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Both countries haven’t faced each other in a Davis Cup tie in three years. Then, the Czech Republic, at home and on carpet, a surface more favourable to their players, won a thriller of a quarter-final, 3-2, with Juan Martín del Potro forcing a decisive rubber when he defeated Tomas Berdych. Radek Stepanek has, afterwards, been the hero of the Czech team when he defeated Juan Mónaco in straight sets to book his country’s semi-final pass.
This time, the tie will be played at Argentina’s choice venue, Parque Roca, with a completely redone court but where, it is certain, the ambiance will be as electric as it’s always been, Argentina counting arguably with the best group of supporters that can be seen in the world.
The locals will surely need all the chanting and encouragement there can be, as the Czech Republic comes with their usual very strong squad, led by World n° 6 Tomas Berdych and by veteran Radek Stepanek, and with many doubts still surrounding their own home team.
Doubts there have been since the beginning of the week, as it was quickly known that there was a possibility that Argentina’s n° 1 player, Juan Martín del Potro, might not take part in the tie due to the left wrist injury that has been plaguing him since Cincinnati. With David Nalbandian already sidelined due to an oblique tear sustained in practice at the U.S. Open, forcing him to pull-out before his first round match against del Potro, the absence of the Tandil native would have been a huge blow to the Argentine hopes of reaching a second consecutive Davis Cup final.
Finally, on Wednesday, del Potro announced that, against the recommendation of his doctor and his close ones, he had decided to play the tie, which was described by the Argentine team’s doctor as “an act of courage”, considering that Delpo suffers from the same kind of injury he’s had in his right wrist and which forced him to miss almost all of 2010, and has played the U.S. Open receiving injections. However, del Potro knows the risks of playing having had only five days of rest instead of the 15 recommended by Dr Berger, and he really wanted to defend his country’s colours and play “for the people”.
Friday, for the first time in his career, del Potro will open a Davis Cup tie, as he will face Radek Stepanek in the first rubber. Stepanek leads their head-to-head 3-1, his last win having come last month, in Toronto. They have never played on clay, but the Czech’s game is one that is tricky for any player when he is on, and it has always been troubling del Potro in the past. It doesn’t help that Stepanek is the kind of player you don’t like to see in Davis Cup, where he always seems to find an extra gear and where even a two-set lead by his opponent doesn’t mean anything.
If, on top of it, his opponent is known not to be at 100%, it becomes an even more difficult match for that rival.However, we can count on del Potro not to come on court vanquished, as he is known for giving his all no matter the circumstances, and to fight every point until the last. It is to be expected that the Argentine will try as much as possible to play aggressive and keep the points as short as he possibly can.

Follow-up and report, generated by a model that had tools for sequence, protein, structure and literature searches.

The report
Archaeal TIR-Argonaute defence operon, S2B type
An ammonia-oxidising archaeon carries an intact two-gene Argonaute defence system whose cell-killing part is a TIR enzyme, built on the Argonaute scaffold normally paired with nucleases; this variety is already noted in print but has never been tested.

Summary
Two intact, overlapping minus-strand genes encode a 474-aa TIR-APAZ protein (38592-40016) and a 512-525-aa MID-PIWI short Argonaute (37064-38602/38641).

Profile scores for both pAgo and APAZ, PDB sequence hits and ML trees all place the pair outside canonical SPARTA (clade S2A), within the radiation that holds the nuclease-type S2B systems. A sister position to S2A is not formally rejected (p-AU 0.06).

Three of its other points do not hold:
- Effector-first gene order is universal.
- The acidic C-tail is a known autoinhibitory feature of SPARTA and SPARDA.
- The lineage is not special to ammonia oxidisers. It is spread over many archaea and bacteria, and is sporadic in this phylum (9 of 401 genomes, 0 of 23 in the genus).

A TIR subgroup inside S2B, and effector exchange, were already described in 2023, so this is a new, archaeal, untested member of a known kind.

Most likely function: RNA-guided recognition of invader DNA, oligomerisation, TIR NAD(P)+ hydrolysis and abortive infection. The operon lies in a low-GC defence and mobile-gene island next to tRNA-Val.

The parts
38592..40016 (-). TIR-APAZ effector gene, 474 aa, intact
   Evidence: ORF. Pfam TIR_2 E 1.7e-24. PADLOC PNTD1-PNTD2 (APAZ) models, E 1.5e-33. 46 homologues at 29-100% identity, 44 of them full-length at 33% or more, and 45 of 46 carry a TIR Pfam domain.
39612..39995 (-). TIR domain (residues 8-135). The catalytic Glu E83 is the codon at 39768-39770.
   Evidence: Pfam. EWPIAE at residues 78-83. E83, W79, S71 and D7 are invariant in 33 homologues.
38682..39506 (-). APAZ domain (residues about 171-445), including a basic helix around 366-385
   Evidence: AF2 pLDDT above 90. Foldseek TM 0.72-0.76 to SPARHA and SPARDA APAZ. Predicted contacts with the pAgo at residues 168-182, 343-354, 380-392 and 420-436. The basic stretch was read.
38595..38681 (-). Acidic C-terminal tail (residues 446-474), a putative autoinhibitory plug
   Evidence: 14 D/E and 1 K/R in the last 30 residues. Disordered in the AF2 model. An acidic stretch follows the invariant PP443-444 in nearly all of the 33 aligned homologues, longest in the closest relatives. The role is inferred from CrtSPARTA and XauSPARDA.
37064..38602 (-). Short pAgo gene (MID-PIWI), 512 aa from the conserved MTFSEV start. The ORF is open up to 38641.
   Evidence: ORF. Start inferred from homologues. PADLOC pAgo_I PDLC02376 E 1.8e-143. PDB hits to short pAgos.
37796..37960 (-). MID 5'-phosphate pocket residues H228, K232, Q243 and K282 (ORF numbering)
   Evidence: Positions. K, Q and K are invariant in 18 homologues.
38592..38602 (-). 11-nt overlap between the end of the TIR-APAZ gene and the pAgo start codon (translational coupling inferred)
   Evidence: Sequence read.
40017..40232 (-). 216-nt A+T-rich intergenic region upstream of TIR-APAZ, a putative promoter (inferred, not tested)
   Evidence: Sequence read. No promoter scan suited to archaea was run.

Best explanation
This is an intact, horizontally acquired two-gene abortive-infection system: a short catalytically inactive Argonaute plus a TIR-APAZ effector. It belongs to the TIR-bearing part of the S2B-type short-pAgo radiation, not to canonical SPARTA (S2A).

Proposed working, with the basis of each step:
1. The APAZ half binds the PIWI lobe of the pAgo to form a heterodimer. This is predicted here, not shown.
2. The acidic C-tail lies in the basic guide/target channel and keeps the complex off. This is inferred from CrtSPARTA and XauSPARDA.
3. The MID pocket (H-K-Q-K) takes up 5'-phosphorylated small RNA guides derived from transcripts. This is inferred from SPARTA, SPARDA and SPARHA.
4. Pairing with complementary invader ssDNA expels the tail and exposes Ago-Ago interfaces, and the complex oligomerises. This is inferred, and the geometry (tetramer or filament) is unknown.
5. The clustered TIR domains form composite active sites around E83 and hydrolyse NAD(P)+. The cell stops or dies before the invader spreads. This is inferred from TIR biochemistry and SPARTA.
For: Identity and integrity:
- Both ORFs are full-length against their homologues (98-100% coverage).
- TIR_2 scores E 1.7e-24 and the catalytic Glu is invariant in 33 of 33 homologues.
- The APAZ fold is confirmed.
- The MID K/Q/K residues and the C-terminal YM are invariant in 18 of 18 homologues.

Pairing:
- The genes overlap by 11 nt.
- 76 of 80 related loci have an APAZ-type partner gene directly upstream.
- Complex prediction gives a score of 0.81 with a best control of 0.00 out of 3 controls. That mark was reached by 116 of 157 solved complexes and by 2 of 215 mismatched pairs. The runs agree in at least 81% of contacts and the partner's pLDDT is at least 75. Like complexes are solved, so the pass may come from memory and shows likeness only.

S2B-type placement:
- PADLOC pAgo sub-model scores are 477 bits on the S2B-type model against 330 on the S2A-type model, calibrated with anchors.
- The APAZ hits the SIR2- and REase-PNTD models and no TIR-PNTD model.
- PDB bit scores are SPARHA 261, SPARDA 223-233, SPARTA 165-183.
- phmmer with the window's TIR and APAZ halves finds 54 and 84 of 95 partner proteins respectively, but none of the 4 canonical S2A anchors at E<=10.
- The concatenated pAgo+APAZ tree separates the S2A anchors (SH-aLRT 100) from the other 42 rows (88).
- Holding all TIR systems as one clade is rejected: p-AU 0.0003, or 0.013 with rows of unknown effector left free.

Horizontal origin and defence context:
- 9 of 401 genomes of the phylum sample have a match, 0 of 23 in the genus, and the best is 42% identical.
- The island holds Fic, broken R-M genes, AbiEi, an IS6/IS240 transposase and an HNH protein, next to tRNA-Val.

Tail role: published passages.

The head-to-head favours Stepanek, the ranking and location favour del Potro. This is a quite open match, which I think the local will take, but with great difficulty.
The second singles rubber will oppose Juan Mónaco to Tomas Berdych. If the Argentine is having the best season of his career, his opponent is also back on track after having had a few bad performances from Wimbledon to Winston-Salem, where he really found his game once more to reach the final (l. to John Isner).
There is no doubt that Berdych is the favourite in this match. A very good clay court player, he leads the head-to-head 5-0. Despite not having faced each other in over a year, in which Mónaco has made enormous progress in his game and mindset, I don’t think it will be any different as far as the outcome is concerned, even though the match is likely to be a tight encounter.
Saturday’s doubles rubber will see Carlos Berlocq, who realises a long-time dream by finally defending his country’s colours at the Davis Cup, teaming up with Eduardo Schwank, theoretically facing Lukas Rosol and Ivo Minar. Theoretically, as we know that, in the past ties, Jaroslav Navratil has often changed his planned doubles team to, instead, put Berdych and Stepanek on court, quite successfully. Berlocq and Schwank haven’t played together since the Challenger of Buenos Aires, last year, where they won the title. Together, they also won the title in Stuttgart, back in 2010.
This should, again, be a open rubber, where the constant encouragement of the crowd, combined with the doubles experience of both players, could play in favour of the locals.
The reverse singles will liekly be the decisive ones in this tie. This time, del Potro is the one who comes with a favourable head-to-head against Tomas Berdych (4-2) and having won their last meeting, at the French Open, and their only other best-of-five meeting, in the 2009 Davis Cup quarter-finals. If the wrist holds up, this match should not be different, and Delpo should come out of it as the winner.
If a decisive rubber is needed, it will be up to Juan Mónaco and Radek Stepanek to seal the outcome of the tie. Stepanek always rises up to these occasions, and even though Mónaco won their only encounter on clay quite comfortably (in Rome this year), it is a match that will assuredly be very difficult for the local player.
My prediction: This tie will go to the limit, and Argentina will prevail, 3-2.